Hundreds of Wisconsinites lined Madison's Capitol Square Saturday to welcome bikers from all over the Midwest and to protest Governor Scott Walker's attack on Wisconsin unions. Just when Walker thought he had memorized all the chants and signs, Wisconsinites revved it up a notch.
Every kind of bike, from Harley-Davidsons to Huffys, descended onto the Square from Martin Luther King, Jr. Blvd and South Hamilton Street. Eric Hartz, the organizer of the event, complemented the thunderous entrance with songs from the Raging Grannies, a social justice organization made up of older women. Other speakers included Sen. John Erpenbach, Sen. Mark Miller, Rep. Cory Mason, Rep. Peter Barca, Milwaukee Public School Teachers and the City of Middleton Fire Fighters.
Throughout the speeches you could hear the low rumbling from motorcycles surrounding the capitol building. "The sound from the engines and the crowd was overwhelming," said Miriam Kopelow, a teacher at Wingra Middle School. "I could feel the chants of the people and the rumbling of the bikes."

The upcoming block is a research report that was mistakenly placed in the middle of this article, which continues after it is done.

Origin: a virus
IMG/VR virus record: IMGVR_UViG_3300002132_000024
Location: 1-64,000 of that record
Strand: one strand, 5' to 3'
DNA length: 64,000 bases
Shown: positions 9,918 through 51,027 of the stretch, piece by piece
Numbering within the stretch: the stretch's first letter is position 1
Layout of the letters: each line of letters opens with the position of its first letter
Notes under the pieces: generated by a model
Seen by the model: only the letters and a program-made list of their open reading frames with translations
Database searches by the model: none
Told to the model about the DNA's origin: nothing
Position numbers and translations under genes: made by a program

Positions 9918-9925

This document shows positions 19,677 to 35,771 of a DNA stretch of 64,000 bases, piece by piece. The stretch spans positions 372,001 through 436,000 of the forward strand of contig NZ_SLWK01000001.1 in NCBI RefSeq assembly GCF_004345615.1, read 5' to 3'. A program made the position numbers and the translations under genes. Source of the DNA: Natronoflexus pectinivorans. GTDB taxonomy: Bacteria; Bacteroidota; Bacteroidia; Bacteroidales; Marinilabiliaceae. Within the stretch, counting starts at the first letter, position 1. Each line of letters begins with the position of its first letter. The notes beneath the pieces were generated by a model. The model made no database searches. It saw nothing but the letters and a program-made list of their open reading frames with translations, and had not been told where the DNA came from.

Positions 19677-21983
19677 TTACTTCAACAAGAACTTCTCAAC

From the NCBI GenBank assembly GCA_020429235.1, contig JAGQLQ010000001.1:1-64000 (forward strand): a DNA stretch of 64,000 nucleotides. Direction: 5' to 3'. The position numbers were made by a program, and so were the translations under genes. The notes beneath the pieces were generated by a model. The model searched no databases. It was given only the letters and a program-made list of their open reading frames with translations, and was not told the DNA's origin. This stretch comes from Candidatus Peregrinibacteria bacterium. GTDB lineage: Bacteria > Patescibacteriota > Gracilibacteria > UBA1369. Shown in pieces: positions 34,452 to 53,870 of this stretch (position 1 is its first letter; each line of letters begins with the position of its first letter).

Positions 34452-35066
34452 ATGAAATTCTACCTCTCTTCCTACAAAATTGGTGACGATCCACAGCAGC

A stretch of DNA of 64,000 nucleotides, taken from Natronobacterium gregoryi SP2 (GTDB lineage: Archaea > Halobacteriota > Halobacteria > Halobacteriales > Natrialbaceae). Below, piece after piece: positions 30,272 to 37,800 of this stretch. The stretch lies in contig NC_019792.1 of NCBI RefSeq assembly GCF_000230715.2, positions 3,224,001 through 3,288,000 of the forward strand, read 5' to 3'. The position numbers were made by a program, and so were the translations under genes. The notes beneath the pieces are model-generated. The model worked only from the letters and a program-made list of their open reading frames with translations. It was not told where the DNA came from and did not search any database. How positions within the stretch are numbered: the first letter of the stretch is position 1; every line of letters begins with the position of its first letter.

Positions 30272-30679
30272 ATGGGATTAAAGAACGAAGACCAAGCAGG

According to Rep. Cory Mason, motorcycles and collective bargaining rights have a special place in Wisconsin's history. "There are two great things that were invented here in the state of Wisconsin," said Mason. "One is public-sector collective bargaining rights and the other one is Harley Davidson, and no governor in their right mind would try to get rid of any of those fine institutions."
Most of the bikers participating were veterans supporting the unions. Dave Boetcher, a member of the State Veterans Board, rode in support of public workers, but also talked about the privatization of the new veteran's home in Chippewa Falls after private nursing home owners lobbied Gov. Walker.
"We are first and foremost a compassionate state," said Sen. John Erpenbach. However, Gov. Walker's budget wants to "cut a third from the vocational colleges … a billion dollars from K12 … turn back 20 years of recycling" and ultimately wants "to destroy clean and open government in Wisconsin," said Rep. Peter Barca.
Another Wisconsin invention Rep. Cory Mason pointed out, that will prove to be important in the coming months, is the right to recall elected officials. "We will continue this fight until we finally prevail, until we bring back our proud Wisconsin tradition that stands up for working people," said Barca.